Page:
Tuesday assorted links

1. Luigi Zingales on the Laureates.  And the full 49-page report on the Laureates, from Sweden.  And David Warsh on Holmström on debt and bankingCardiff Garcia on Bengt on moneyKling on the prizeBoettke on the prize.  A Fine Theorem on Oliver Hart, and how he changed his mind, recommended.  And where Nobel Laureates come from.

2. The economics of Twitter.

3. Tim Harford on man-machine interaction, adopted from his new book Messy.

4. College chain from India expanding into the U.S.?

5. Paul Krugman on Brexit and the pound. I don’t agree with those arguments, but I think they are more consistently Krugmanian than his earlier posts on Brexit.  If an economy is in demand-side secular stagnation, and then a government taxes production and trade, and takes finance down a peg, but boosts exports through a lower currency, I am not sure the model will predict significantly negative consequences.  His arguments are also consistent with a more general New Old Keynesian neglect of wealth effects.

6. Why does the UK have such a radical Brexit strategy?


You do not need much of a model too forecast Brexit impact.
The negatives work on investment over the long run with big lags.
A weak currency encourages more production with a relatively short lag.

So you should expect the first impact of Brexit to be a boost to growth in the short run.

How does a hard Brexit affect Scottish independence? It may make them want independence more, but surely England and Wales are still the natural largest trading partner for an independent Scotland. An independent Scotland in the EU with a free trade deal and free movement with England would be a backdoor soft Brexit (especially if Scotland signed up to Schengan) that the EU seems ill inclined to grant, but a Scotland lacking such would have a pretty severe negative impact to its economy.

That's about right. Scotland does about four times as much trade with the rest of the UK as it does with the entire rest of the EU. In addition, Scotland currently runs about a 9% of GDP annual fiscal deficit, part of which is made up by fiscal transfers from the rest of the UK. So Scotland doesn't really have any easy options. Any change to their current situation costs them a lot.

So is there a cynical argument that hard Brexit makes Scottish independence nigh impossible, and some in the EU or Rest of UK push it for that reason?

the story I have heard is that formally the UK is the member and if it leaves, then Scotland would need to re-apply. the other EU states with separatists (e.g. Spain and ETA) will then be loathe to make a special case for Scotland joining the EU without the UK, pour encourager les autre.

A totally unnecessary headache.

Instead of removing Scotland and leaving the EU, just have England withdraw from the UK. The Untied Kingdom of Scotland and Northern Ireland is already an EU member and doesn't have to do anything. England is out of the EU without any touchy formalities. Everyone is happy.

ETA is no more and Basque separatism is at its lowest point since polls on the issue exist. It is in Catalonia where the problem lies.

Imagine the irony if England responded to another Scottish independence push with a hard Brexit-type of response in which all deals would start from scratch.

A bitter irony for the pro-EU Scots, and particularly bitter because unlike England and the EU, the Scottish get a lot more from union than without.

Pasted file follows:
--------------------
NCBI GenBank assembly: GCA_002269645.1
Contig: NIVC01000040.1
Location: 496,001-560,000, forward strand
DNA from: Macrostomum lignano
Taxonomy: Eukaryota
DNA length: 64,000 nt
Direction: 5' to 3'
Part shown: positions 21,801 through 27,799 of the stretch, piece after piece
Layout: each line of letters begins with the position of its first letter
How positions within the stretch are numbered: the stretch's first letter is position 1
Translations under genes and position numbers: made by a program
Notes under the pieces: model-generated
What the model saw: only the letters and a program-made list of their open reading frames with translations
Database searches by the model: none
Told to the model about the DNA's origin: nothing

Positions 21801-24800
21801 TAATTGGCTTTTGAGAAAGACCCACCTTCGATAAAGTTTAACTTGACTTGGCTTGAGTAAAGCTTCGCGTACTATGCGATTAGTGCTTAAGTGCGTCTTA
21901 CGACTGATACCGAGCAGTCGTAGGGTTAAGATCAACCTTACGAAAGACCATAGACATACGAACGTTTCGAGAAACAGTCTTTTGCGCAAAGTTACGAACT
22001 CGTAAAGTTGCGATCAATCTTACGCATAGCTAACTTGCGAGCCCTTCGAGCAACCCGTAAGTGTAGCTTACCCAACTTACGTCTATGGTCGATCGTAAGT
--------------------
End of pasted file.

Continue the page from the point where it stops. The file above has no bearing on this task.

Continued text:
All deals would certainly start from scratch, as there are no existing Anglo-scottish deals to base anything on.

There was a little bit of that in the recent referendum. The pro independence Scots insisted, "hey, of course we can continue to just use / have parity with the British pound, look at all the little Caribbean and Central American countries who have unilaterally dollarized" while the BoE tried to insist that somehow it wasn't that easy.

There was, wasn't there? But it was to my mind a bit more like Mark Carney trying to logically dispute why it might be better for Scotland not to be allowed to use the pound, unless they compromised on sovereignty. Fairly logical arguments (even if you didn't agree with them) rooted in "We shouldn't do this, because..."

Whereas with Brexit, at least by the time it hits the British press (where perhaps it may have been mangled quite badly), there isn't much left of logical arguments from the EU about why deals can't work than "Everyone would want an a la carte Europe and we must dissuade potential -exiters". There's not much "We wouldn't want a non-EU country in the Single Market because that's inherently a bad idea" logical argument, just an impression like "If you're in the club, you follow the rules of the club, and if you're out of the club, you're out of the club!" and "The Four Freedoms are indivisible" with no logical or economic argument to defend that.

The Scotland Referendum didn't, notably, revolve around the idea that in the event of a Scottish exit the rUK must treat an exiting Scotland harshly, and utilize all the strength of its greater economy without restraint, in order to avoid Wales exiting the Union, or a separate kingdom of Yorkshire or city state of London emerging, or anything like that. Nor fear of populist SNP wannabe separatist parties springing up all over the UK. Nor justification that the UK must continue to exist lest we return to the age of war between Scotland and England.

There was also some (entirely reasonable) questioning about 'what are you going to do about all the English living in Scotland (and vice versa)?" but I don't think either side talked about tossing them out the way is happening now. I suppose there's the question of what would happen after a Yes, though.

Then again, the No side and Rest of UK could just lean on the fiscal transfers from England to Scotland, whereas with the net flows in the other direction for UK/EU, it appears that the EU wanted to play hardball.